Why, you might ask, would that be true? I think there are three primary reasons --
- Defining whether an employee is performing gets harder the further up the ladder you go. For an individual contributor, you look at what was their personal output, and how did it stack up against expectations. For a senior manager though, factors like: changes in the market, performance of subordinates, validity of assumptions, and trade-offs between choices, all tend to muddy the waters (I could probably make a much longer list). When you can't easily gage the persons output, there is a tendency to rely on watching what they do -- except you can't take the time to watch it all, so perceptions that are established by what others say. Of course, the little one actually sees become extremely important. That is the stuff of politics. Politics is all about developing and protecting perceptions of how you are doing, and potentially manipulating perceptions about others.
- There are more politicians at higher levels in the company, and they tend to have more skill. I'm not sure why that is -- a Darwinian survival characteristic, perhaps? Since a part of politics surrounds manipulation of perceptions about others, you need political skills at higher levels, if for no other reason to protect yourself. An individual contributor who has few enemies can probably get by at most companies by ignoring politics. Senior managers won't survive being a-political, no matter how nice they are. There are just too many sharks in the water up there.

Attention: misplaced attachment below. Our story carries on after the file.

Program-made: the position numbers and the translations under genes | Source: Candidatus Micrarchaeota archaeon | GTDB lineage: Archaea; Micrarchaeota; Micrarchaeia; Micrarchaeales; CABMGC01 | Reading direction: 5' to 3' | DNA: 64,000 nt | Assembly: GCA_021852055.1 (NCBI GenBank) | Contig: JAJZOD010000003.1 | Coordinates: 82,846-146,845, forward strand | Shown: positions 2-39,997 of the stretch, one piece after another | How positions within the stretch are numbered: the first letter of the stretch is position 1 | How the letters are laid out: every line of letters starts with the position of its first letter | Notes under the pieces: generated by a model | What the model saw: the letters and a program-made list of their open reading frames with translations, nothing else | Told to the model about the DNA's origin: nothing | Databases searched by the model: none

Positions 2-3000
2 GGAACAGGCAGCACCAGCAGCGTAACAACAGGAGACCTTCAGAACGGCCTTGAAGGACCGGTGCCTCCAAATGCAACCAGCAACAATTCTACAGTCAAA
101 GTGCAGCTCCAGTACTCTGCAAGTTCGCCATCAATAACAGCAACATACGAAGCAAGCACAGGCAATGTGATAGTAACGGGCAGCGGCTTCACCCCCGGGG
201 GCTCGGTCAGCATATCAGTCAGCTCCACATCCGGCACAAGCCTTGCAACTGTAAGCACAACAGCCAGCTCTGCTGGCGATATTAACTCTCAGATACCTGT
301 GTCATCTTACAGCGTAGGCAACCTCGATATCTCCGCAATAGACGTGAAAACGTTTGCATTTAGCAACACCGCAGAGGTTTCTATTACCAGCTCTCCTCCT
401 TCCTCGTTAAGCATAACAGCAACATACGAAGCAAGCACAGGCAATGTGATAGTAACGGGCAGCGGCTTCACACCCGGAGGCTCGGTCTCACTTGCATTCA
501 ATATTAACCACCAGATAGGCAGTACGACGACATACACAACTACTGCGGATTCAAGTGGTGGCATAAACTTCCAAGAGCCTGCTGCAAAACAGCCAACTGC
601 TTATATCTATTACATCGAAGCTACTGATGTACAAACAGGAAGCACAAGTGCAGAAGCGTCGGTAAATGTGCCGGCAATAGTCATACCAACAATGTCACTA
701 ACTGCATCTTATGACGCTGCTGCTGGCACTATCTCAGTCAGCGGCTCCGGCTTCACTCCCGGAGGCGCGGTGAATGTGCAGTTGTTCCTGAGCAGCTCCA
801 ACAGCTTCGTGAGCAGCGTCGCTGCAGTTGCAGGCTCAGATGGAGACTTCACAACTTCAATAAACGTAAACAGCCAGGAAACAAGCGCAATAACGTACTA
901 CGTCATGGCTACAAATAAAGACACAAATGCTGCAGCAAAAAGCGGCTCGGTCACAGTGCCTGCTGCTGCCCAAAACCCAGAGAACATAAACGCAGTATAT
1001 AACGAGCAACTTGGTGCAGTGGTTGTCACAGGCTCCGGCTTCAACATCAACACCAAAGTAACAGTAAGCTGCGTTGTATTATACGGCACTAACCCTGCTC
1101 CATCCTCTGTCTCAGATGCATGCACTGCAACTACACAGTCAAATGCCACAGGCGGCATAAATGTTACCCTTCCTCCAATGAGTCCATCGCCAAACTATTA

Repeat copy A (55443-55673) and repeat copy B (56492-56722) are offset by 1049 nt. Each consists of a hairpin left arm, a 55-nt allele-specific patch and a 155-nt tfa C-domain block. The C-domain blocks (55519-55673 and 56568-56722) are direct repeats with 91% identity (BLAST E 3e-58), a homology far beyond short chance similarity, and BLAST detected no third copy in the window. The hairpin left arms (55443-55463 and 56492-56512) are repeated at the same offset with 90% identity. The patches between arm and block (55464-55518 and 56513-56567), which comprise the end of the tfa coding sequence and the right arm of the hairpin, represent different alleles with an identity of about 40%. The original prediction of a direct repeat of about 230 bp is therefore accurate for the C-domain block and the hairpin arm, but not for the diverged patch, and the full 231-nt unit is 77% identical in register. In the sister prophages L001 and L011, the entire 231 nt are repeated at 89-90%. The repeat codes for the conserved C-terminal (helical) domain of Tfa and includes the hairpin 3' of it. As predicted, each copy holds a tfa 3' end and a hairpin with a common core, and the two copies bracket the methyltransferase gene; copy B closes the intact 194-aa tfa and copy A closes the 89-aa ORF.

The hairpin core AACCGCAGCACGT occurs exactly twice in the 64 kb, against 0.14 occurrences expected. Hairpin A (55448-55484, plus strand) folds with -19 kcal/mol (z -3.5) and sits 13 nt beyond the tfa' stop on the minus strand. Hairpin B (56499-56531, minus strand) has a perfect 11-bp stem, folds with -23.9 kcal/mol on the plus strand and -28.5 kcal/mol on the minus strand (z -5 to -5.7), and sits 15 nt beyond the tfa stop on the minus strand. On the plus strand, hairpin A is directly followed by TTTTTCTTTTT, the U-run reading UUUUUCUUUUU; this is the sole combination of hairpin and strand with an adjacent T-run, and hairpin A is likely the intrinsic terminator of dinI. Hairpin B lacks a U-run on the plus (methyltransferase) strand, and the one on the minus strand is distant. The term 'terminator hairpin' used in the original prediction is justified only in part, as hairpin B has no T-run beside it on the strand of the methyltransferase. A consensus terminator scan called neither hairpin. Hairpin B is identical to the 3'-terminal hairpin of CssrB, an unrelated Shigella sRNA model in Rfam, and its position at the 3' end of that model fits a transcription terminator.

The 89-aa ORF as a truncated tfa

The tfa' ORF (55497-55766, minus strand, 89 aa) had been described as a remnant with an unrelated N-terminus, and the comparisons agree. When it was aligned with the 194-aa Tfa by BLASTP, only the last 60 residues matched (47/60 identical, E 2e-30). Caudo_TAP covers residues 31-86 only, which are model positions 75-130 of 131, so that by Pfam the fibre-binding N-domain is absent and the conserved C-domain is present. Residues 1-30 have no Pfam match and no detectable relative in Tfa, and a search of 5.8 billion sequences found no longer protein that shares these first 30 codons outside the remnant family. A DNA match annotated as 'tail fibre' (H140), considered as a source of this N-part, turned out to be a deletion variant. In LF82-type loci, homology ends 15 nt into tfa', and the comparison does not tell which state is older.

- At higher levels you are a bigger target for the political machinations of others. This tends to happen for a couple of reasons -- senior managers are a more useful target of manipulation because they hold formal organizational power, and they have less time available to intimately know others in the organization thus making them more vulnerable to manipulation. For some senior managers, they end up surrounded by yes-men (or yes-women) who give the manager the sense that their perceptions are always correct, while at the same time subtly manipulating those perceptions. This seems to happen to the chief executive fairly frequently.
So kind readers -- what do you think? Do politics get thicker and more ruthless as you climb the corporate ladder? Or do the stakes just get higher? Or, do you totally disagree and think political games are played uniformly across the company?